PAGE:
Introduction to Etta Jones
Etta Jones (not to be confused with the legendary singer Etta James) was an American 60s music-era jazz chanteuse best known for her work for the Prestige label and with saxophonist/manager Houston Person. North Carolina-born but New York-raised, Jones toured with Buddy Johnson when she was 16. She made her recording debut alongside clarinetist Blarney Bigard and saxophonist George Auld, singing four songs penned by Leonard Feather. She also performed with Earl Hines and his group. Her 1960 album Don’t Go to Strangers was a hit. She continued recording for Prestige until 1965, and along with Houston, continued recording prolifically under Muse label. She died from cancer on October 16, 2001; the date of her death was marked exactly 57 years ago when Jones’ last recording Etta Jones Sings Lady Day (a tribute to Billie Holliday) was released.
Born on November 5, 1938 in Aiken, South California, Etta Jones was an American jazz singer best known for her hit recordings such as “Don’t Go to Strangers” and “Save Your Love for Me.” Jones was already dreaming of becoming a singer at the early age of three, mimicking Billie Holiday and Thelma Carpenter in front of the mirror. Just like jazz singers Ella Fitzgerald and Sarah Vaughan, the 15-year old Jones had her first stint an Amateur Night in Harlem’s Apollo Theater. In the early 1940’s, Jones was already touring with big bands such as the Harlemaires and the Barney Bigards Orchestra. In 1944, she had her first recording with the Barney Bigards Orchestra arranged by pianist Leonard Feather.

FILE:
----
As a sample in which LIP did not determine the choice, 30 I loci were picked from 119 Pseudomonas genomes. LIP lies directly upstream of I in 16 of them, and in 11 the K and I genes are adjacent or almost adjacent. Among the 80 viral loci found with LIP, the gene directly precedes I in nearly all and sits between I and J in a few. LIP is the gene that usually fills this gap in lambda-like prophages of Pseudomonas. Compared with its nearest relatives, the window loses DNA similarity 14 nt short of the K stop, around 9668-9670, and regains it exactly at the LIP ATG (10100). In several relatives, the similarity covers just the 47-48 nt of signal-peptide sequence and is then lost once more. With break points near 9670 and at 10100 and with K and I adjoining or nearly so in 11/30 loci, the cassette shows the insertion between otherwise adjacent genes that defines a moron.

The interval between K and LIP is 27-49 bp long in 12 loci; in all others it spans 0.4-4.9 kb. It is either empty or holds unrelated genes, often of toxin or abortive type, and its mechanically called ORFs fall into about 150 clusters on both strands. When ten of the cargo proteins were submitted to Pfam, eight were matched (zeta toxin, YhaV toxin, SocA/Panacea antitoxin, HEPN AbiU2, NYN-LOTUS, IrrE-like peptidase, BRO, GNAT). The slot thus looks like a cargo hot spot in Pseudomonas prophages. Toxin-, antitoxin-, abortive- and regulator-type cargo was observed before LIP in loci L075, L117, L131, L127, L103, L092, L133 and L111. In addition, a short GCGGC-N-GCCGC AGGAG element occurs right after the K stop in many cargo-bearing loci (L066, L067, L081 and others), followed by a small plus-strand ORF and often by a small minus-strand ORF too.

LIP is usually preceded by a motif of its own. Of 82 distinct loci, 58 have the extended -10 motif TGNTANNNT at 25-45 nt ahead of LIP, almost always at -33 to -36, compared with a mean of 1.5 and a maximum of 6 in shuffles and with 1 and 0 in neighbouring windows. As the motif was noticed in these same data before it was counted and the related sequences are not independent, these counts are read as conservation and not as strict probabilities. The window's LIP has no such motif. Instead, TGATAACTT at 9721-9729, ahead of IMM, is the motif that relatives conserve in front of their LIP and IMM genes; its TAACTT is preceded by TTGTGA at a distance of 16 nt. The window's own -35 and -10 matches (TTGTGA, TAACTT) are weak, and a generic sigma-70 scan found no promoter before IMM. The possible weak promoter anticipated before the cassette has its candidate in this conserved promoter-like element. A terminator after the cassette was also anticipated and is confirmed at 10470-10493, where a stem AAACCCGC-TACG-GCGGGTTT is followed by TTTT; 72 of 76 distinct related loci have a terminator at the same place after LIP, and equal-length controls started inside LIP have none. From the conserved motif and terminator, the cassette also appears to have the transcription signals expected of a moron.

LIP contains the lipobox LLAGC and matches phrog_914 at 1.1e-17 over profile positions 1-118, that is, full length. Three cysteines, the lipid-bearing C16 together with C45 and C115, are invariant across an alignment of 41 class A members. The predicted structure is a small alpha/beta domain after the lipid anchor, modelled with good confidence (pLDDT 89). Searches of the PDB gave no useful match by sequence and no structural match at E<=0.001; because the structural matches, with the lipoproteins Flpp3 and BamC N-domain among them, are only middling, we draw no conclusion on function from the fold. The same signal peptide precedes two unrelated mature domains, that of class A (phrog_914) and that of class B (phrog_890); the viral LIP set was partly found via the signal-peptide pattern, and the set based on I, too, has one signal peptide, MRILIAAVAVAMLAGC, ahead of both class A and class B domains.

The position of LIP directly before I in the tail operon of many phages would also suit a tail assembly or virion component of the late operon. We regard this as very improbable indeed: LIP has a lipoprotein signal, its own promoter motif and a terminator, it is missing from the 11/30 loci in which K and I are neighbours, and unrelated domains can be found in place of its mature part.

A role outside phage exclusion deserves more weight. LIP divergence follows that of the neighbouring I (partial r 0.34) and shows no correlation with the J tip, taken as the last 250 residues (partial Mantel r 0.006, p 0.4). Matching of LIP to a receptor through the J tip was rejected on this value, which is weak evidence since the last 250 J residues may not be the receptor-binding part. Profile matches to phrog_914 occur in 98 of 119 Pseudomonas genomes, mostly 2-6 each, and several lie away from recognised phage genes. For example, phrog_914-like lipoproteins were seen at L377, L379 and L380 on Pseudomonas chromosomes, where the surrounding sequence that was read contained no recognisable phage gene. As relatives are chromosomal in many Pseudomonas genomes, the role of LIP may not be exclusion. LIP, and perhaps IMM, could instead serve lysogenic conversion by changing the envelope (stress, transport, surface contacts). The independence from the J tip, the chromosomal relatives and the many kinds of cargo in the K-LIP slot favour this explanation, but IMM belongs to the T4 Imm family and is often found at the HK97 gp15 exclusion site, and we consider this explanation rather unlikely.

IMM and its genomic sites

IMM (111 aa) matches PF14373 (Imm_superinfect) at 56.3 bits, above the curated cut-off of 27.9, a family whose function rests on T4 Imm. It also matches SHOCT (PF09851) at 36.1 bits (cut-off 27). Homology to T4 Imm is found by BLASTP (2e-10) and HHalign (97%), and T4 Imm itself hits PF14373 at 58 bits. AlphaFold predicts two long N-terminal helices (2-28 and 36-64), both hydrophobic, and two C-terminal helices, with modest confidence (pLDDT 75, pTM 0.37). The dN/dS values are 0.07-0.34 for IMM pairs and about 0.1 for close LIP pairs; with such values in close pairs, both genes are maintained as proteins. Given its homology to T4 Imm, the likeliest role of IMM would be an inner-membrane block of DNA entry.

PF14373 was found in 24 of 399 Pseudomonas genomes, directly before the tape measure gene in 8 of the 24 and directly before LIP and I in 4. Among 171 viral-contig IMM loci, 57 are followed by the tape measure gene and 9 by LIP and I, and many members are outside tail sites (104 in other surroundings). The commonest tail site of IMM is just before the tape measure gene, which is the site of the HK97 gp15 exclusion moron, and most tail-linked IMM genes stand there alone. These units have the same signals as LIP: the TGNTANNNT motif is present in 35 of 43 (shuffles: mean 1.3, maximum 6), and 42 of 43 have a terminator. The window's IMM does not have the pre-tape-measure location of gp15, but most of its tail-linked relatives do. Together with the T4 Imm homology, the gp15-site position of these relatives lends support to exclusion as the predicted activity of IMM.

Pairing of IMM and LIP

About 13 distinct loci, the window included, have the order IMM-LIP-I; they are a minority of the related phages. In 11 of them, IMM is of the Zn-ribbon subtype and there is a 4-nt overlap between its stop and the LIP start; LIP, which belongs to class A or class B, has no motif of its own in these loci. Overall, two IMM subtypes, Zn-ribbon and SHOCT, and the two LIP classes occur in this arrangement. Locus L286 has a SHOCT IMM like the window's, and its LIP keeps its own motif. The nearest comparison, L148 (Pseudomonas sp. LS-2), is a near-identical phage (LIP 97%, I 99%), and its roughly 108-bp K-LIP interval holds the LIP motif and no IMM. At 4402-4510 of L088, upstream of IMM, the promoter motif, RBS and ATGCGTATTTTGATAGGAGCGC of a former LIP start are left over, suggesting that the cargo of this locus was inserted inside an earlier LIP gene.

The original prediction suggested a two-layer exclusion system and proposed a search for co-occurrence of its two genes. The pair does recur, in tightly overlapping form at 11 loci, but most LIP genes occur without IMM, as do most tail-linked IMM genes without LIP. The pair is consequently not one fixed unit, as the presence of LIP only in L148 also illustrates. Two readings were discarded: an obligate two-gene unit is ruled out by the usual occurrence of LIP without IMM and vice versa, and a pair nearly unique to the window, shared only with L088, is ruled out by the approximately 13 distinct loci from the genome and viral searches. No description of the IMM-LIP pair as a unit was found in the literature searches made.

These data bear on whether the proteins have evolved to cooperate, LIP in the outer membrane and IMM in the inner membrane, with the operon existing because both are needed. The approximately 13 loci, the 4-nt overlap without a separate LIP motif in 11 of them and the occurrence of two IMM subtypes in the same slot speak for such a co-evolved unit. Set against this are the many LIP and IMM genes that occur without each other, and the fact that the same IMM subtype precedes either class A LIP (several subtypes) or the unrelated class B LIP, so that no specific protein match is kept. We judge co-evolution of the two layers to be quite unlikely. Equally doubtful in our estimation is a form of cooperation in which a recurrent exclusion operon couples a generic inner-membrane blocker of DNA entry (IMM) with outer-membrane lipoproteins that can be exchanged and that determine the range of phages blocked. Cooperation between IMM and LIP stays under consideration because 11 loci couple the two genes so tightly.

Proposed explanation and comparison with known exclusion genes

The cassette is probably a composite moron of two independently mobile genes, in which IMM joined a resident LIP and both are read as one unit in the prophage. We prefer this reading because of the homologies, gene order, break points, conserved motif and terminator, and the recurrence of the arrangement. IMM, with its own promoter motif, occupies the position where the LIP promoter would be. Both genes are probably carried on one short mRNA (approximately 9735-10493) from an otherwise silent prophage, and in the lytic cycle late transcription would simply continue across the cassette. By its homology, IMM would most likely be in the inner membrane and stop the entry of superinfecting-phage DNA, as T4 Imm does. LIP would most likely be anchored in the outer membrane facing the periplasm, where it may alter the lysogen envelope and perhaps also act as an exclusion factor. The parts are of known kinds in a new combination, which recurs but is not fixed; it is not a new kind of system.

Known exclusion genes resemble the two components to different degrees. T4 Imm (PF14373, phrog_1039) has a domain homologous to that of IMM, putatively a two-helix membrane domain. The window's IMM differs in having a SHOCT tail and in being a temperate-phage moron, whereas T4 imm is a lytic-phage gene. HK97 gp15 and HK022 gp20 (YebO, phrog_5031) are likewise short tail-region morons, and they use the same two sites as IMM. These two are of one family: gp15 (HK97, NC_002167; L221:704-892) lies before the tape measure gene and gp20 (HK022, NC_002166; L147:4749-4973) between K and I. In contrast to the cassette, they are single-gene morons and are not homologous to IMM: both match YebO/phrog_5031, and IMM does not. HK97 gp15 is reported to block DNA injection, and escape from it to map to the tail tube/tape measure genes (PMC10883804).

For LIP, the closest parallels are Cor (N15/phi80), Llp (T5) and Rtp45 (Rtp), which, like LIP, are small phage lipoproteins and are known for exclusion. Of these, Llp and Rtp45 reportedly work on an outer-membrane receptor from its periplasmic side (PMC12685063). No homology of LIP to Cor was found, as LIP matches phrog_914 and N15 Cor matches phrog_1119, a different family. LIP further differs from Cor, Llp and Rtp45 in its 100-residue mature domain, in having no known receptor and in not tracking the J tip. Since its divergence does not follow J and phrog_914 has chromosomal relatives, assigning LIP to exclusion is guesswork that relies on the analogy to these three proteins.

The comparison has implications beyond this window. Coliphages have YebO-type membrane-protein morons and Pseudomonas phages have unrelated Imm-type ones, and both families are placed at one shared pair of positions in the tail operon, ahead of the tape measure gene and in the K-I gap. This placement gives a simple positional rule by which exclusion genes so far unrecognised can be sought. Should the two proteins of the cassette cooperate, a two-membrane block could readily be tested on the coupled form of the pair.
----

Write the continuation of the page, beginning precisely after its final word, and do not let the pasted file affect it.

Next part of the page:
Jones struggled to become a solo artist for her attempts were not successful at first. She had flop singles in Black & White and RCA Victor labels side by side. Despite the increasing popularity of R&B at that time, she never tried to switch genres which made her an obscure artist for years. Aside from performing at night clubs, Jones had several day jobs as well like an elevator operator, and album stuffer and a seamstress during the 1950’s. She had opportunity to record her debut full-length album, The Jones Girl… Etta … Sings, Sings in 1956 but it was largely unnoticeable.
Jones’ music career changed in 1960 when her demo was sent to Prestige Records’ producer Esmond Edwards by her manager Warren Lanier. Jones immediately got signed and recorded the debut album Don’t Go to Strangers. Although it was a jazz album which would only appeal to a limited audience, it unexpectedly sold one million copies and received a Grammy nomination. Throughout the 1960’s, Don’t Go to Strangers was followed by several albums but they experienced marginal successes due to the rising fame of The Beatles and other pop and rock bands.
In 1968, Jones teamed up with saxophonist Houston Person that would last for more than thirty years. During in the 1970’s, Person eventually became her manager and record producer. Isn her later career, Jones received Grammy nomination twice for Save Your Love for Me (1981) and My Buddy (1999). Jones recorded 18 albums (for Muse label) with Person until she died on October 6, 2001 in Mount Vernon, New York. 72-year old died from cancer which she had quietly battled for some time.